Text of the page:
By: Justin Felisko
PUEBLO, Colo. – Tye Chandler did not have much thinking to do back at the end of May when he learned he had torn his labrum and needed hip surgery.
It was one thing for reigning YETI World Champion Smooth Operator to slam him to the ground despite turning into his riding hand, but it was another for a long-round bull to do the same thing in Guthrie, Oklahoma, a week later.
Chandler was barely able to walk by the end of the three privately held Unleash The Beast events in April/May in Guthrie, Oklahoma, at the Lazy E Arena, and he figured his chances at qualifying for the 2020 World Finals were in serious jeopardy with hip surgery on the horizon.
Chandler was told that if he wanted to try to grit out the remainder of the 2020 season, he could rely on therapy and still try to qualify for his first PBR World Finals. There was the risk, of course, that his injuries could be worse.
“I was like, ‘It can’t get worse, I can’t ride bulls into my hand,’” Chandler told PBR.com this week with a laugh. “That is a gimme that I had to get it fixed.”
Chandler was the No. 24-ranked bull rider in the world at the end of the first half, and he was unsure of when doctors would clear him to return from his hip surgery, and of how far he could potentially drop in the world standings. He figured he may not drop too far over the summer months with the lack of Touring Pro Division events because of the COVID-19 pandemic, but he also knew the PBR was committed to ramping up the second-half UTB schedule come August. He also was hopeful he could speed up his recovery and return to the Unleash The Beast before the regular season ended.
“Man, I honestly didn’t think the recovery time was going to be as long as it has been,” Chandler admitted. “Once I got into the recovery at the end of June, I kind of thought the Finals was out of the picture.”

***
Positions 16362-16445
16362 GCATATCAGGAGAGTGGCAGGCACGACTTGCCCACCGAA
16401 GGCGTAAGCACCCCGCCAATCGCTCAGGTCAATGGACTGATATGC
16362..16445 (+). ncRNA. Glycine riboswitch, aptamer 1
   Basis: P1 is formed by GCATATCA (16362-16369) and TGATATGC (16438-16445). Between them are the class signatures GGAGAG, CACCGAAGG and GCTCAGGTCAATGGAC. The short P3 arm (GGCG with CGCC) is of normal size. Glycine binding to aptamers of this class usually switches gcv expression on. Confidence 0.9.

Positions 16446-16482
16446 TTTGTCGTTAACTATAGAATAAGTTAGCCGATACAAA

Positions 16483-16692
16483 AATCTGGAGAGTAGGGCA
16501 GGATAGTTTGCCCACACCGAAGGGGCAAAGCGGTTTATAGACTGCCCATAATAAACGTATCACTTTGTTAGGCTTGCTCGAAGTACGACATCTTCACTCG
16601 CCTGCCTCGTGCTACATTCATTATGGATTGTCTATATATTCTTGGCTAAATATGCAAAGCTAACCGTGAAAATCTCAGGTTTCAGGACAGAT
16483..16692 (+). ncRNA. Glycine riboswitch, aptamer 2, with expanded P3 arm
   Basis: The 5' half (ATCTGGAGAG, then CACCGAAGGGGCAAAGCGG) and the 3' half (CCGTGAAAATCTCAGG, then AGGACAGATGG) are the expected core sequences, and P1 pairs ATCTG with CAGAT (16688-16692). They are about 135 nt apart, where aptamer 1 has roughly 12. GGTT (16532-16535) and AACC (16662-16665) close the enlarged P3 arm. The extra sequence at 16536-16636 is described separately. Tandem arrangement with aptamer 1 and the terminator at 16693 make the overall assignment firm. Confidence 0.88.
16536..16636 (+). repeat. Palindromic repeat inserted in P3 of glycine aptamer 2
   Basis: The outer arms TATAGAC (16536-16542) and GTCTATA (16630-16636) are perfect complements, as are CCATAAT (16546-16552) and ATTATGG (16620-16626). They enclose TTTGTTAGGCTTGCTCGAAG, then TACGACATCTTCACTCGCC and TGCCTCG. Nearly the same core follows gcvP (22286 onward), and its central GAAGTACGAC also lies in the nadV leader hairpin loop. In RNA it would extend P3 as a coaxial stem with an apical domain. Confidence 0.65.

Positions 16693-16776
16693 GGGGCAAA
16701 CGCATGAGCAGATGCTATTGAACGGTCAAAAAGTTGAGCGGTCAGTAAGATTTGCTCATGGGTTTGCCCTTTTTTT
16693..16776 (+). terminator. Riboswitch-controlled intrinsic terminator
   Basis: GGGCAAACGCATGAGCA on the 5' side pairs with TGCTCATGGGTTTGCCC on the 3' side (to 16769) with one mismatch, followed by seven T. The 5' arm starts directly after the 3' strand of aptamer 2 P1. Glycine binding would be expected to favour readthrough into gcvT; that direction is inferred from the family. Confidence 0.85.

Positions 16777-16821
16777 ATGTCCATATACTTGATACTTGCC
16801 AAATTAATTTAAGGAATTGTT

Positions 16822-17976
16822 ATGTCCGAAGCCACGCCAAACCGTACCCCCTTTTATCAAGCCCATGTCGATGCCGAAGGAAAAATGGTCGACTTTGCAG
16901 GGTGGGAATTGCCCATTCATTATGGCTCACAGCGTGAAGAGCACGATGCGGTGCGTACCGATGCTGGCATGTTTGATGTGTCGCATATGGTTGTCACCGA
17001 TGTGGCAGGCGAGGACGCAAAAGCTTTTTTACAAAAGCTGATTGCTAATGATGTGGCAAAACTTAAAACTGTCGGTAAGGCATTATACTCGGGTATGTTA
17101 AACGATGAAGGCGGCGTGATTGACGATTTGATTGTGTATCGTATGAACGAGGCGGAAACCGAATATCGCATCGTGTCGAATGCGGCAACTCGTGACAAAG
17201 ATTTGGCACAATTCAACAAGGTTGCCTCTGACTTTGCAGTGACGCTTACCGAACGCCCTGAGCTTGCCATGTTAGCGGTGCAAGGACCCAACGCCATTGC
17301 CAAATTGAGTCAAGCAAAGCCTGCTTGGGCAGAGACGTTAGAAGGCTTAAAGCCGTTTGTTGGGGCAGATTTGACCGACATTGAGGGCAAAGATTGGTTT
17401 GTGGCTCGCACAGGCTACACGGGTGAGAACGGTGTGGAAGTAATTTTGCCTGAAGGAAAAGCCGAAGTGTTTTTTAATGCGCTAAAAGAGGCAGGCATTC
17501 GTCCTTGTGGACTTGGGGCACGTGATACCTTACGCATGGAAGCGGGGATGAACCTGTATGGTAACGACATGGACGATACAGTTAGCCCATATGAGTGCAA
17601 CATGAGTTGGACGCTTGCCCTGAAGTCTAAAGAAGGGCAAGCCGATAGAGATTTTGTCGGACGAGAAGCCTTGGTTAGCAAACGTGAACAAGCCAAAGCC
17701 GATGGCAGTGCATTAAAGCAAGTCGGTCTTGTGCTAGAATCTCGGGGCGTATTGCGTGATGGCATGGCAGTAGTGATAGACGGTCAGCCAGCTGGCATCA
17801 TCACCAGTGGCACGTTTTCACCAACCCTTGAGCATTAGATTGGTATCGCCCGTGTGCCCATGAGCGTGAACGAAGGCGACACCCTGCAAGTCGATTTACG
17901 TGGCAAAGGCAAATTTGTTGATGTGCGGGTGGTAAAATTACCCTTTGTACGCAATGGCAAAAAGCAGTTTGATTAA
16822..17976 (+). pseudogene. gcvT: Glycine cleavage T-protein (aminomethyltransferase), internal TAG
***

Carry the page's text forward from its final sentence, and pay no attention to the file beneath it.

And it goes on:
Chandler, though, kept an eye on the PBR world standings as his recovery continued to slowly progress. Four weeks on crutches transitioned to being cleared to walking, and then by around 12 to 14 weeks Chandler was starting to run again.
But was a run at the World Finals even a possibility?
It turns out the 2020 World Finals on Nov. 12-15 in Arlington, Texas, is now very much a reality for Chandler.
Chandler has only fallen to No. 35 in the world standings, and he is cleared to compete at the 2020 Pendleton Whisky Velocity Tour Finals in Sioux Falls, South Dakota, on Nov. 6-7. In fact, because of injuries, travel restrictions and other circumstances, there are at least five riders above Chandler that will not be competing at the World Finals. So Chandler is an unofficial No. 30 among healthy riders or those expected to compete in Arlington.
Therefore, Chandler is very likely riding at the PBR World Finals in three weeks, but don’t count on him being OK with backing into a World Finals qualification.
Chandler has every intention of getting to Arlington ranked inside the Top 35, officially, and potentially winning the 2020 Pendleton Whisky Velocity Tour championship and its $35,000 bonus. Finishing the year inside the Top 35 would also net him an official PBR World Finals qualification ring.
In regards to the Velocity Tour, Chandler is ranked No. 6 in the PBR’s developmental/expansion tour, and he is only 14.5 points behind Velocity No. 1 Jose Vitor Leme.